Diwata has found a home. I was contacted by BOA Editions, Ltd. editors yesterday afternoon, and they have offered me a book contract, and a proposed release date of Fall 2010.
As a friend and colleague tells me, 2010 will come much faster than we think.
Though I have been jumping out of my skin since talking to the editors, I didn’t want to make a big public deal about it. But then I told Alejandro Murguía yesterday evening at Flor y Canto, and his contagious joy and his insistence that I make my reading a celebration of my good news definitely helped me process, and think about why not share it. I’ve been working for this.
Thus the work of some tough love manuscript editing begins.
A couple of things:
(1) As with my other publications, I have started a Diwata page (see the side bar, to your right), and have included text from my submissions cover letter, in which I attempt to explain to prospective publishers how I’ve conceived of Diwata.
Regarding the origins of the project, it came about as an Independent Study course with Maxine Chernoff, who was very respectfully hands off, and which was fine for the way I wanted to work on this project. I do recall telling her that I had started reading Eduardo Galeano’s Memory of Fire trilogy, and that between Galeano and Leslie Marmon Silko’s Storyteller, that their genre blending, their handling of personae and speakers’ “indigenous” and “imperialist” testimonies, and the clash and impact of the two, was something I’d wanted to do in a Filipino context.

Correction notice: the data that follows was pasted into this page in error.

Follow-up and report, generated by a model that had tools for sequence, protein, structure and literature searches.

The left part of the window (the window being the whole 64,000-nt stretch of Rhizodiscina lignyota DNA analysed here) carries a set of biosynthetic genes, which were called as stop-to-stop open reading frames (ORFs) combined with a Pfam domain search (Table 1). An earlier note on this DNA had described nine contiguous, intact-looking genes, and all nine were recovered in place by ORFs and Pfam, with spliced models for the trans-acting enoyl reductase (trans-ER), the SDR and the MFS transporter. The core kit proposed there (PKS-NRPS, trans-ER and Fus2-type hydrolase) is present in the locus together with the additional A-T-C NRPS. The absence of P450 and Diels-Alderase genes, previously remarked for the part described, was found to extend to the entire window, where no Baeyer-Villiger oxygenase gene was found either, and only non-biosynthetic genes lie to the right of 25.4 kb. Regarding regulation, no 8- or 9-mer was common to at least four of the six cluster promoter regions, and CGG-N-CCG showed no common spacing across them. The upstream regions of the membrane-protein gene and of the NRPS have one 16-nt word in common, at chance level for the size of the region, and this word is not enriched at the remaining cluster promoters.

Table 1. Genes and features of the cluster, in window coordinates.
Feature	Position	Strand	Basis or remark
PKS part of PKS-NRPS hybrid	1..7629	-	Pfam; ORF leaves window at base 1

The BOA editors have mentioned my propulsion of “duende,” and I got to thinking about how diwata and duende may be similar concepts. While my diwata (plural) reside in the natural world, and are insistent upon showing themselves/making themselves known as the unnatural world encroaches upon them, these diwata are still also a very dark and internal force for my poetic speaker/persona, something she does and does not understand about herself.
(2) I am feeling freed up to actually proceed onto/to devote more energy to the next manuscript. Back to yesterday’s Flor y Canto, I read an entire set of Oakland poems, and for the first time, felt not only this works’ cohesion, but also that I have energy to continue writing the Oakland poems, these place poems in an urban context — the people as the place, the place as the people.
So there’s that. Today I think I am tired.